Then I sat down in front of a friends spinning wheel last week and I knew that it was going to drag me even deeper into this whole spinning thing.

Yesterday I spun all afternoon on an Ashford Traditional. I turned this

Mosaic Moon Fiber Club May 2012 75/25 BFL/silk in the Cerrunos colorway

into this

Interestingly enough, it didn’t feel like any of that drop spindling translated into making me a good wheel spinner. I found it very difficult to get the hang of the whole process – like I was patting my head and rubbing my tummy – and the first few yards of this skien are just horrid.

Next week, when my buddy comes over to knit, she is going to bring her wheel so that I can finish this 4 oz braid. I can’t wait. It is all that I can think about. I dreamt about it last night. I woke up this morning twitching with desire.

Yup. I got it bad.


(anybody want to send me an Ashford Elizabeth?)

Keeping Me Busy

My days are so full. This is the short list of the things that I have been working on.

  • My sister and I set up a booth at a local craft fair. She is an amazingly talented jewelry maker and had so many beautiful pieces to sell. I had been sewing headbands and little tote bags for a week, as well as knitting some headbands and market bags. I also had some needlefelted toys to decorate the table that had price tags on them, just in case someone wanted to buy them.  It was a ton of work and a total disappointment. I sold only enough to buy us all lunch, and my sis didn’t do much better.  Plus, it was hot and the kids were great until near the end when they started getting cranky. I confess, I was getting cranky too. I was pretty bummed, but I am still excited about the next booth. It’ll be better.
  • I am test knitting for NEEDdesigns again. I love testing for her and have tested two of her baby things in the past (one is blogged here and the other never got blogged, but the Rav page is here). This is it so far. It’ll be a newborn sweater for my knitting buddy who is expecting.
  • I also knit this for the same baby. I should think of more to say about it, but I am not in the mood. See my Rav project page for details.
  • There are three new patterns in my head, swirling around and begging to be written. We will see what happens with that.
  • The garden is coming along nicely. I gave each of the kids their own plot of land in which to plant whatever they chose. They are responsible to weed and water and tend to their gardens. We are all very excited (me included) to see the sprouts and we are dreaming of strawberries and tomatoes and zuccini. Now if only we could keep the deer out.
  • Crochet may be the stupidest invention ever, and it hurts my wrists to even think about it, but when I saw this pattern to make flip-flops, I didn’t even hesitate. It comes in handy that The Man works at a hardware store and can bring home jute twine for me whenever I have the need.
  • The magazine (book? newsletter? whatever) that I am writing is in testing and I eagerly await the verdict. Will my testers like it? Will they think that it is crap? Did I work all that time on something that no one will want to read? We shall see….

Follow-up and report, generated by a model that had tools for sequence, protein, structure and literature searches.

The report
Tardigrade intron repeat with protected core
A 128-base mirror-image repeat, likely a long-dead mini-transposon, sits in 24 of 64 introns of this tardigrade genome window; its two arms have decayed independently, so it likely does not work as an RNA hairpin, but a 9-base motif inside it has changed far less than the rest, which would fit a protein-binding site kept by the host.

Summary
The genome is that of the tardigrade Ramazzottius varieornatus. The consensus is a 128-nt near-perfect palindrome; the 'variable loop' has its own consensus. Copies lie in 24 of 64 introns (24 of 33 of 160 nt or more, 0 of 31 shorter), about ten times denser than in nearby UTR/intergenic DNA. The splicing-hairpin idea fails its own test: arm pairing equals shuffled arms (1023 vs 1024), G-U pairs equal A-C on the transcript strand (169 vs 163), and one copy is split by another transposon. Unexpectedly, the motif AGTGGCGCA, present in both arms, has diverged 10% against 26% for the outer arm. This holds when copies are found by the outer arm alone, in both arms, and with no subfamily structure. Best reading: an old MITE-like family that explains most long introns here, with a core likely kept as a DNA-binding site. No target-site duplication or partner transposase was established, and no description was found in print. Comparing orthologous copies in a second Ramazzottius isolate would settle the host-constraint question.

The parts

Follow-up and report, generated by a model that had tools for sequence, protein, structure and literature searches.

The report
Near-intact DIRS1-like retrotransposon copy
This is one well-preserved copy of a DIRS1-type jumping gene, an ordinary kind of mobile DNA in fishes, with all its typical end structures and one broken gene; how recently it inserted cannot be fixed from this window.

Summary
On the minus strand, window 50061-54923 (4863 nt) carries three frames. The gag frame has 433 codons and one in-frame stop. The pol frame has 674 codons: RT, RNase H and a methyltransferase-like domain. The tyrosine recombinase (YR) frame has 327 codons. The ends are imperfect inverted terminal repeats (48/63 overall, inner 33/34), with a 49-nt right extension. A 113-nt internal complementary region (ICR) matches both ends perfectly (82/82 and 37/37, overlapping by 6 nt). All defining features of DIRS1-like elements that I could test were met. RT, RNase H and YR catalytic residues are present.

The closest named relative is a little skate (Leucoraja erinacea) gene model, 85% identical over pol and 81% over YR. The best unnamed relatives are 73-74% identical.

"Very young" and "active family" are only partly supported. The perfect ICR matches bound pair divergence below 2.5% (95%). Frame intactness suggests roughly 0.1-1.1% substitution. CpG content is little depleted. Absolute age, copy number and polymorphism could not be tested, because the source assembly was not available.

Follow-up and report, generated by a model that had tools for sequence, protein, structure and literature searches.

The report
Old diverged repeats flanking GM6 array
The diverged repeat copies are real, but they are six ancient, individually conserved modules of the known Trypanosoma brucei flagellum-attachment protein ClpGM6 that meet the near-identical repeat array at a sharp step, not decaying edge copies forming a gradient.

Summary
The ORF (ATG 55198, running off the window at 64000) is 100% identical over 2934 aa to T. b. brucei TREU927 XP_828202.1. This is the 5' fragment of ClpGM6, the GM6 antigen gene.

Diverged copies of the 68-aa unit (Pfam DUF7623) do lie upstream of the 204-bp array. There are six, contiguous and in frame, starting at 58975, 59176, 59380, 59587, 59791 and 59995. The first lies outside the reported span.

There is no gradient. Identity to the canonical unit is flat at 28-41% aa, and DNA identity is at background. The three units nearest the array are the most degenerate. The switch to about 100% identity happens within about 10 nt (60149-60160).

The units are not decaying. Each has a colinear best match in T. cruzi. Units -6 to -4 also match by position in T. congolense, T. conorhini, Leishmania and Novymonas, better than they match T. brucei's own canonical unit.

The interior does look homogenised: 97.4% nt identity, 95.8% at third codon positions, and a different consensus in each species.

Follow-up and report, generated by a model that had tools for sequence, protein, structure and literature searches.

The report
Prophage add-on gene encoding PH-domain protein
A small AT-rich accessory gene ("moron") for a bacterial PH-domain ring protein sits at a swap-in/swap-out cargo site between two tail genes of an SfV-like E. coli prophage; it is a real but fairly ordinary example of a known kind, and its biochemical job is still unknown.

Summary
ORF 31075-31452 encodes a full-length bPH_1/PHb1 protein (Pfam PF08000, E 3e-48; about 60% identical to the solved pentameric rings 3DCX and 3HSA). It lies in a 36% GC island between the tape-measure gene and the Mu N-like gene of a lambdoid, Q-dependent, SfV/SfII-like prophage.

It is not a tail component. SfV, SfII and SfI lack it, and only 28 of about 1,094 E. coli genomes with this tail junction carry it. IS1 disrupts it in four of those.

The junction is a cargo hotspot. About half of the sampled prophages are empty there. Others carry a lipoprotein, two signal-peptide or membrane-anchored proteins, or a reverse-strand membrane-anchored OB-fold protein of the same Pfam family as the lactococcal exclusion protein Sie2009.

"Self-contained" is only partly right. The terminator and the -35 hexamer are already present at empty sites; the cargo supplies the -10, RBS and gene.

All of that on top of homeschooling (almost done with this school year!), housekeeping (I rearranged the furniture and don’t think that I like it), cooking (what is for dinner tonight, anyway?), and throwing a little baby shower today. Whew!

What’s keeping you busy these days?

Five Reasons Why Every Knitter Needs A Snap Press

Knitting is a matter of two sticks and a long piece of string. But it is made more fun, interesting, exciting, whatever when you have some other tools as well. I contend that every knitter should have a snap press for the following five reasons.

My snap press from KamSnaps.

1. Buttonholes are so dang tricky.

When it comes time to work the buttonbands in a sweater project, I break out in cold sweats. What if I don’t get the holes lined up right? What if they are too small for the buttons that I chose? Or too large? I usually just plow my way through these doubts, and usually it turns out okay. But, since I got my snap press, I am free to knit plain, hole-less button bands and just attach snaps after the blocking. Easy. And easier for the kids to put on and take off, as well. So everyone is happy.

2. Baby items are more convenient with snaps.

I have wanted to knit a onesie for years, but am always faced with the same problem – how to change the diaper? Now that I have a snap press I can knit onesies and jumpers and all kinds of other baby things that are just as convenient as the store bought stuff, and infinitely more beautiful.

3.Purses are cooler when they snap shut.

As far as purse closure goes, you can’t beat a snap. And I am loving this pumpkin purse! (Pattern coming soon)

4. Snaps are cheap and come in many lovely colors.

This is my current collection of snaps, but there will be more in the future. All the colors, shapes, and sizes that are available makes my heart go pitter patter.

5. Shopping for ribbon adds more pleasure to the project.

When applying snaps to a knitted fabric, it is wise, even necessary, to reinforce it with ribbon. It is also very pretty! Once I started looking at ribbon on Etsy, I just fell in love with the concept and now have a little stash  of ribbon that is growing almost as fast as my stash of yarn.

A snap press. It’s pretty handy. Every knitter should have one. I do. Do you?

I have not been compensated in anyway for this. This is all merely my personal opinion and I gain nothing by telling you all about it. 🙂

My Hands Are Full… And So Is My Heart

She looked up at me with her beautiful, toothless smile, and my Princess said to me,

“I am a mama – see? Because my hands are so full!”

My hands are full, too, because I am a mama.

And so is my heart.

I hope you all had a lovely Mother’s Day yesterday. I know I sure did.